Brand Names: Cena K, Ed K+10, EPIKLOR, K + Potassium, K+Care, K-10, K-8, K-Dur 10, K-Dur 20, K-Lor, K-Norm, K-Sol, K-Tab, K-Vescent (Potassium Chloride), Kal Potassium 99, Kaochlor, Kaochlor S-F, Kaon-CI, Kaon-CL 10, Kaon-CL 20%, Kato, Kay Ciel, KCl-20, Klor-Con, Klor-Con 10, Klor-Con 8, Klor-Con M10, Klor-Con M15, Klor-Con M20, Klor-Con Sprinkle, Klorvess, Klotrix, Micro-K, Micro-K 10, PC-10, Slow-K, Ten-K
Generic Name: potassium chloride
- What is potassium chloride?
- What are the possible side effects of potassium chloride?
- What is the most important information I should know about potassium chloride?
- What should I discuss with my healthcare provider before taking potassium chloride?
- How should I take potassium chloride?
- What happens if I miss a dose?
- What happens if I overdose?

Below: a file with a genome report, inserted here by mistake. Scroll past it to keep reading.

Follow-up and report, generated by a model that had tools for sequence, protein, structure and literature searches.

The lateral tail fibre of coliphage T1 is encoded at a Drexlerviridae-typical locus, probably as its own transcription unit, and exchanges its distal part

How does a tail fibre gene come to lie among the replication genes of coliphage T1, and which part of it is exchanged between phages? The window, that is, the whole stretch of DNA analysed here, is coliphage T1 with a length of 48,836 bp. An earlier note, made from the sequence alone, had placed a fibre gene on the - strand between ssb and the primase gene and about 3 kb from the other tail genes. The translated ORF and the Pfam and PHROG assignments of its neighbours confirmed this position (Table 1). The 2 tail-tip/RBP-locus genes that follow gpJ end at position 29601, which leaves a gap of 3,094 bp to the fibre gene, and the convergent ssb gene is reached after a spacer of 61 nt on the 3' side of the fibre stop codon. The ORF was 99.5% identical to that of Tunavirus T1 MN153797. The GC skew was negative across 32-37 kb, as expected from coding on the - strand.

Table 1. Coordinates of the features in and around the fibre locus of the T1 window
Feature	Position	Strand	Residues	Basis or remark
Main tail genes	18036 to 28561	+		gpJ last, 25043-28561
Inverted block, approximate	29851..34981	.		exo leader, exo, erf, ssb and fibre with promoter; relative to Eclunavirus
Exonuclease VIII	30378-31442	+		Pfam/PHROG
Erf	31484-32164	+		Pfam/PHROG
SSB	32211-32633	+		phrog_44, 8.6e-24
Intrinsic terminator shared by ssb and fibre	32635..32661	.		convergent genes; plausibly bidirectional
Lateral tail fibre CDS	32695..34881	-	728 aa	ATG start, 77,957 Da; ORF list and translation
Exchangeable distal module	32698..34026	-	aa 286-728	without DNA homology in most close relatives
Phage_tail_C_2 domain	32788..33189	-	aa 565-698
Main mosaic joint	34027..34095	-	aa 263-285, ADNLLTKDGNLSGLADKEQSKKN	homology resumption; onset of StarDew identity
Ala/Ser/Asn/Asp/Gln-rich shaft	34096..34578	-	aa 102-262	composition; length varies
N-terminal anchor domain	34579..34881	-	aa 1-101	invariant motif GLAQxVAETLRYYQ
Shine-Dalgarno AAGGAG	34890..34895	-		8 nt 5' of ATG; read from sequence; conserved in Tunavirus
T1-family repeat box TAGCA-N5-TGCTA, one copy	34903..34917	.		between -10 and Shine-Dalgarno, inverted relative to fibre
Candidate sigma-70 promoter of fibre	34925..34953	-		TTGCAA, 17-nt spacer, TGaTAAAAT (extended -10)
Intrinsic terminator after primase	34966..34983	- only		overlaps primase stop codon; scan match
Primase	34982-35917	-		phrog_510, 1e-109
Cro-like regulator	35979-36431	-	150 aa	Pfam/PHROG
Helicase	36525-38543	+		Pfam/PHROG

- What should I avoid while taking potassium chloride?
- What other drugs will affect potassium chloride?
- Where can I get more information?
What is potassium chloride?
Potassium is a mineral that is found in many foods and is needed for several functions of your body, especially the beating of your heart.
Potassium chloride is used to prevent or to treat low blood levels of potassium (hypokalemia). Potassium levels can be low as a result of a disease or from taking certain medicines, or after a prolonged illness with diarrhea or vomiting.
Potassium chloride may also be used for purposes not listed in this medication guide.
What are the possible side effects of potassium chloride?
Get emergency medical help if you have signs of an allergic reaction: hives; difficult breathing; swelling of your face, lips, tongue, or throat.
Stop using potassium chloride and call your doctor at once if you have:
- severe throat irritation;
- stomach bloating, severe vomiting, severe stomach pain;
- high potassium level--nausea, weakness, tingly feeling, chest pain, irregular heartbeats, loss of movement; or
- signs of stomach bleeding--bloody or tarry stools, coughing up blood or vomit that looks like coffee grounds.
Common side effects may include:
- nausea, vomiting, diarrhea;
- gas, stomach pain; or
- the appearance of a potassium chloride tablet in your stool.